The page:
The Federal Reserve Bank of New York works to promote sound and well-functioning financial systems and markets through its provision of industry and payment services, advancement of infrastructure reform in key markets and training and educational support to international institutions.
The New York Fed engages with individuals, households and businesses in the Second District and maintains an active dialogue in the region. The Bank gathers and shares regional economic intelligence to inform our community and policy makers, and promotes sound financial and economic decisions through community development and education programs.
One contributor to the subdued pace of economic growth in this expansion has been consumer spending. Even though consumption growth has been somewhat stronger in the past couple of quarters, it has still been weak in this expansion relative to previous expansions. This post concentrates on consumer spending on discretionary and nondiscretionary services, which has been a subject of earlier posts in this blog. (See this post for the definition of discretionary versus nondiscretionary services expenditures and this post for a subsequent update.) Discretionary expenditures have picked up noticeably over recent quarters but, unlike spending on nondiscretionary services, they remain well below their pre-recession peak. Even so, the pace of recovery for both discretionary and nondiscretionary services in this expansion is well below that of previous cycles. One explanation is that weak income expectations continue to constrain household spending.
In a recently released New York Fed staff report, we present a forward-looking monitoring program to identify and track time-varying sources of systemic risk. Our program distinguishes between shocks, which are difficult to prevent, and the vulnerabilities that amplify shocks, which can be addressed. Drawing on a substantial body of research, we identify leverage, maturity transformation, interconnectedness, complexity, and the pricing of risk as the primary vulnerabilities in the financial system. The monitoring program tracks these vulnerabilities in four sectors of the economy: asset markets, the banking sector, shadow banking, and the nonfinancial sector. The framework also highlights the policy trade-off between reducing systemic risk and raising the cost of financial intermediation by taking pre-emptive actions to reduce vulnerabilities.
Liberty Street Economics features insight and analysis from economists working at the intersection of research and policy. The editors are Michael Fleming, Andrew Haughwout, Thomas Klitgaard, and Donald Morgan.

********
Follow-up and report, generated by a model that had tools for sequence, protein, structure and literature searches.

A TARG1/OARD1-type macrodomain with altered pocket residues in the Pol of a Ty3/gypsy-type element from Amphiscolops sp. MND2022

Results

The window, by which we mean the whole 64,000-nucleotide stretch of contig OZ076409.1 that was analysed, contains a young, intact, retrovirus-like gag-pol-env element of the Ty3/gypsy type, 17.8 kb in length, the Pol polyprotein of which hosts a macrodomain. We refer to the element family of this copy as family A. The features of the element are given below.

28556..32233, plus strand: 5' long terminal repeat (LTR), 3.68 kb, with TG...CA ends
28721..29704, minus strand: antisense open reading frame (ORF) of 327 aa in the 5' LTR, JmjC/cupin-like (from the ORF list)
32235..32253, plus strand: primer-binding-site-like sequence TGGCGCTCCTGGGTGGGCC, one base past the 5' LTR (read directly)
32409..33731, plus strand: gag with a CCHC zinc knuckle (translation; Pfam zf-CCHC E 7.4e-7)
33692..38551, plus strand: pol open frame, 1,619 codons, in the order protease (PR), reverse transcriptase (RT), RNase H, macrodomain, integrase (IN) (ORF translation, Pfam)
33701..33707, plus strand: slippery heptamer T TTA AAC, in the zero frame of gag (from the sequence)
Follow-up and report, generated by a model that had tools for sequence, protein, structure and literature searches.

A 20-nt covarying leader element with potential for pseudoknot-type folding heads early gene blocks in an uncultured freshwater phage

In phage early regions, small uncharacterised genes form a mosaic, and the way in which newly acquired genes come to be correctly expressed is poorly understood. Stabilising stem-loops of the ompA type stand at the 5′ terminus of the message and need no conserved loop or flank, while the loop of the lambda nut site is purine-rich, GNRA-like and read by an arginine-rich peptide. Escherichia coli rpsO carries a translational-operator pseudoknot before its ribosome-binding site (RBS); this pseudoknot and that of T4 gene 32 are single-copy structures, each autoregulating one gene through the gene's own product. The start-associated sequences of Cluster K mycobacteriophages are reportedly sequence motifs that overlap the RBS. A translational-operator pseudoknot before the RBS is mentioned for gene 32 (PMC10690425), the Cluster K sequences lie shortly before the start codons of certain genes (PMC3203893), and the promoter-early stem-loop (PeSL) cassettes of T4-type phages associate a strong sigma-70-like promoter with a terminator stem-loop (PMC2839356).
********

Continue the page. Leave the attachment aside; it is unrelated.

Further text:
The views expressed are those of the authors, and do not necessarily reflect the position of the New York Fed or the Federal Reserve System.
Economic Research Tracker
Liberty Street Economics is now available on the iPhone® and iPad® and can be customized by economic research topic or economist.
We encourage your comments and queries on our posts and will publish them (below the post) subject to the following guidelines:
Please be brief: Comments are limited to 1500 characters.
Please be quick: Comments submitted after COB on Friday will not be published until Monday morning.
Please be aware: Comments submitted shortly before or during the FOMC blackout may not be published until after the blackout.
Please be on-topic and patient: Comments are moderated and will not appear until they have been reviewed to ensure that they are substantive and clearly related to the topic of the post. We reserve the right not to post any comment, and will not post comments that are abusive, harassing, obscene, or commercial in nature. No notice will be given regarding whether a submission will or will not be posted.
The LSE editors ask authors submitting a post to the blog to confirm that they have no conflicts of interest as defined by the American Economic Association in its Disclosure Policy. If an author has sources of financial support or other interests that could be perceived as influencing the research presented in the post, we disclose that fact in a statement prepared by the author and appended to the author information at the end of the post. If the author has no such interests to disclose, no statement is provided. Note, however, that we do indicate in all cases if a data vendor or other party has a right to review a post.